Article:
Perhaps for this reason, the French aren’t generally prejudiced against bikers, as motorists are in many other countries. Nevertheless, motorcycling is a dangerous pursuit: over 20 per cent of road casualties are motorcyclists and, over the same distance, a motorcyclist is 14 times as likely to have an accident than a car driver (although one has to wonder whether this is due to intrinsic dangers of motorcycle riding or to the way most motorcyclists flout the rules of the road ...)
Some rules apply to all motorcycles (collectively known as deux-roues); others apply to certain types of motorcycle only. Speed limits for all motorcycles are the same as for cars – although you wouldn’t think so. Third party insurance is always necessary, as well as passenger insurance. All bikes must also be registered, have registration plates and carry a nationality sticker ( plaque de nationalité).
Approved crash helmets must be worn by all motorcycle riders and passengers. Motorcycles above 50cc are permitted to use motorways (tolls are lower than for cars, although the cost of a long journey can still be considerable). Dipped headlamps must be used at all times by riders of motorcycles over 125cc (see also below).
When parking a bike in a city, lock it securely and if possible chain it to an immovable object. Take extra care when parking in a public place overnight, particularly in Paris, where bike theft is rife.
From the age of 14, children can ride a moped (variously known as a cyclomoteur, scooter, vélomoteur or Mobylette, the last being a trade name) with an engine capacity below 50cc capable of a maximum speed of 45kph (28mph) – despite the contorsions of riders attempting to eke an extra kph or two from their machines.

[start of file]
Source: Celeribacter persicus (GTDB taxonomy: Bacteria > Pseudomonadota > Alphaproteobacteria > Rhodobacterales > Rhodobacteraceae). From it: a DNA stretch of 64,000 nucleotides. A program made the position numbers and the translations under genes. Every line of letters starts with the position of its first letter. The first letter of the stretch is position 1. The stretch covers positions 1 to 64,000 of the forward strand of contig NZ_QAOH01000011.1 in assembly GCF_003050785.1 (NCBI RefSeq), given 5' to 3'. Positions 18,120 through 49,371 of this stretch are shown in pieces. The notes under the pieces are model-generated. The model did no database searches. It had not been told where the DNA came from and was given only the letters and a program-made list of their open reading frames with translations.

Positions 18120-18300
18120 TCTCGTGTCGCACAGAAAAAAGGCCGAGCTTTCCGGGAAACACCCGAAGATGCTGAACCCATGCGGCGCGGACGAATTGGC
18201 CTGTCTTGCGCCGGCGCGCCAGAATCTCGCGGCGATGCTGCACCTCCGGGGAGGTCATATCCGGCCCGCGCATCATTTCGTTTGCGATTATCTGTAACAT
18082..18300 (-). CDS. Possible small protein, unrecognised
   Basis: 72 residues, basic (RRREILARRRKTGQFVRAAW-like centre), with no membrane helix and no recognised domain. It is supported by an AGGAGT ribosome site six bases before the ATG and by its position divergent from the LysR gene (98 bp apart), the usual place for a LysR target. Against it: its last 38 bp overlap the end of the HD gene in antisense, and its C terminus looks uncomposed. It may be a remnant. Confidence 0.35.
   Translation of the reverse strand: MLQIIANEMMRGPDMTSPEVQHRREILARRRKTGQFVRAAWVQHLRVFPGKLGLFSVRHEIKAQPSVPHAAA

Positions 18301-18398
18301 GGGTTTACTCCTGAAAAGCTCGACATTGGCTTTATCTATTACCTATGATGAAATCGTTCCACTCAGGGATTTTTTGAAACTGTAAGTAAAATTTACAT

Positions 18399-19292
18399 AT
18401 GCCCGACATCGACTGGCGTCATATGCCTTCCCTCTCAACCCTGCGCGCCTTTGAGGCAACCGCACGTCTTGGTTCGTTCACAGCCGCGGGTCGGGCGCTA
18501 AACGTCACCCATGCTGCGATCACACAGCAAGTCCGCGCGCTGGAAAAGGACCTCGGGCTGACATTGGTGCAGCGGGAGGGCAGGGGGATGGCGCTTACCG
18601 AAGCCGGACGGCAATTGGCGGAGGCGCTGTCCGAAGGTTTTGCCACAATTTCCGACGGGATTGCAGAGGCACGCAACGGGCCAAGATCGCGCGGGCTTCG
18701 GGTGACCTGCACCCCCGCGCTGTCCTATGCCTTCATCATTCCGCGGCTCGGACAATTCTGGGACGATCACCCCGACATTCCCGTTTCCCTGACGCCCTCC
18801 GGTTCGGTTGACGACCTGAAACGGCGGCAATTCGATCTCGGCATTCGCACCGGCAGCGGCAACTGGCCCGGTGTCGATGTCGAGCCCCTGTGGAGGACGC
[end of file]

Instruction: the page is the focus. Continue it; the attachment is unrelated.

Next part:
Mopeds must be registered and riders without a full licence must take a test ( brevet de sécurité routière/BSR) consisting of a theory paper ( attestation scolaire de sécurité routière/ ASSR1), taken at school, and five hours of practical training, four and a half of which must be on public roads, with a driving school (at a cost of around €75). Third-party insurance is necessary, and a metal tab with the owner’s name ( plaque de nom) must be attached to the handlebars.
Mopeds aren’t permitted on motorways, and riders must use cycle paths where provided. Two-stroke petrol ( mélange deux-temps) is available at most petrol stations, although an electric version of the classic Solex (last manufactured in the 1980s, although imitations are still built), known as the E-solex, may be available in the near future.
Mopeds can be lethal in the wrong hands (most teenagers have as much road sense as hedgehogs and rabbits) and hundreds are killed each year. If you have a child with a moped, it’s important to impress upon him the need to take care (particularly in winter) and not take unnecessary risks, e.g. always observe traffic signs and signal before making manoeuvres.
Sixteen-year-olds can ride a motorcycle of up to 125cc (officially known as a moto légère), for which they require a licence A1. The requisite theory test, the ASSR2, can be taken at school. Eighteen-year-olds can begin ‘progessive training’ ( formation progressive) for a full motorcycle ( motocyclette or moto) licence ( A), although they’re limited to bikes below 34 horsepower until the age of 21.
If you aren’t at school, you can take an attestation de sécurité routière ( ASR), which takes the place of the ASSR1 and 2, through an adult education provider such as GRETA. A car licence ( B) entitles you to ride a motorcycle of up to 125cc, provided you’ve been driving for at least two years (although you must retake the theory exam if you’ve held a licence for more than five years without riding a motorcycle). However, it’s recommended that you take a course of riding lessons with a moto-école, which costs around €300.
This article is an extract from Living and working in France. Click here to get a copy now.